“A gentleman friend of mine places one of his discs in his fish aquarium (with fish)… swears he almost never has to clean and change their water. At least not as often as he used to. Fish are thriving… After shampooing my hair, I spray my hair with structured water, it DE-TANGLES, leaves my hair less frizzy… While I am running my bath water, I put the disc in the tub. I Leave it in while bathing. I Can’t believe how soft I feel after. For you ladeeeees, I spray it on my legs, no Shaving cream needed, or soap lather, The razor just glides. After washing my face, I sprits my face with the structured water, My face feels so smooth, although I still use a moisturizer.”
In the video, they washed only the shirts in the washing machine.  This means that the magnets were free to move around the drum and bang against the shirt, thus helping to get it clean.  You could accomplish the same thing with a couple of rocks.  They didn’t test for that, nor did they compare washing with the magnets to washing with just water.

One Reply to ““Best Magnets And Laundry US laundry magnets scam””

  1.  Water is indeed polar but this has nothing at all to do with magnetism. The polarity is due to the higher nuclear charge of oxygen, which displaces the shared bonding electrons towards the oxygen. This leaves the oxygen with a partial negative charge and the hydrogen with a partial positive charge. Water has no paramagnetic properties.
    I have continued to use the MLS, so as of this writing, it’s been about two whole months. Which in our home is many, many loads of laundry.  Any clothing items with persistent stink have not gotten stinkier, but may have some remaining stink, which I keep under control by using the MLS along with the Atsko detergent I review here.  Or if something does seem to get stinky, I run it with Atsko.  And, of course, if the item can tolerate hot water that will go a long way.
    A common laundry problem is grease stains. The best way to pretreat these is to rub them with white chalk. You can also rub some corn starch or talcum powder into the grease. Let it sit for just a few minutes, so that the powder absorbs the grease, then wash. Works like a charm.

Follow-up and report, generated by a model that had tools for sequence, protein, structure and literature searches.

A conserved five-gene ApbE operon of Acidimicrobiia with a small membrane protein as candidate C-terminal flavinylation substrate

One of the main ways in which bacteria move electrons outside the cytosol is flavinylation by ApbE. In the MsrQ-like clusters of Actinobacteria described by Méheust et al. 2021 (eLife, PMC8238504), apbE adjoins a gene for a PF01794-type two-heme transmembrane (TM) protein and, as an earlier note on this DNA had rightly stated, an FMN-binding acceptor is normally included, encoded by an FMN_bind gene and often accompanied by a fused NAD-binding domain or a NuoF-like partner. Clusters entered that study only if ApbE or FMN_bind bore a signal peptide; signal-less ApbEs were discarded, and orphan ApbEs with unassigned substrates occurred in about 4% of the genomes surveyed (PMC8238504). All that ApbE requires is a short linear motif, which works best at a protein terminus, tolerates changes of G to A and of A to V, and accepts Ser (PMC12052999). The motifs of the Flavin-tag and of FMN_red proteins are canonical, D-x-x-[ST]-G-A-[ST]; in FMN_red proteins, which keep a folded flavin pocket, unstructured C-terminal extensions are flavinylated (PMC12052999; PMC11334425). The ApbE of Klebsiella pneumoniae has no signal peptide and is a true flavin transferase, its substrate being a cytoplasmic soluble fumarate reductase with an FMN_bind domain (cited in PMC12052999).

My sister and I inadvertently found out about the “most people use too much soap” thing in a round-about way. We noticed that when we go shopping and buy the exact same clothing item, wear it once, wash it, then wear it again-hers is considerably more faded and beat-up looking than mine, which looks new but a little less crisp. This happened w/quite a few clothing items and always hers became completely worn out within a few months, while I was still wearing mine years later. She finally got frustrated and asked me what I was doing differently, we compared our laundry routines and noted: she was using Gain laundry detergent (1 of the most chemical-filled brands), filling the cup to the suggested line and drying on medium or high heat with a scented conventional dryer sheet. I was using all-natural laundry detergent (coconut-derived surfactants, no dyes no chemical fragrances only real lavender oil), pouring about a tablespoon for small loads and 2-3 for large/super loads (I’d say less than 1/3 of each suggested fill line), putting heavy fabrics through an extra rinse cycle and drying on medium or high heat with free & clear dryer sheets. I took her clothes and put them in the washer with just water, no soap-it bubbled considerably and smelled like the laundry soap. After the cycle ended, the colors on the clothes were much brighter. So apparently the colors didn’t run or fade, they were just covered in a soap film which dulled them.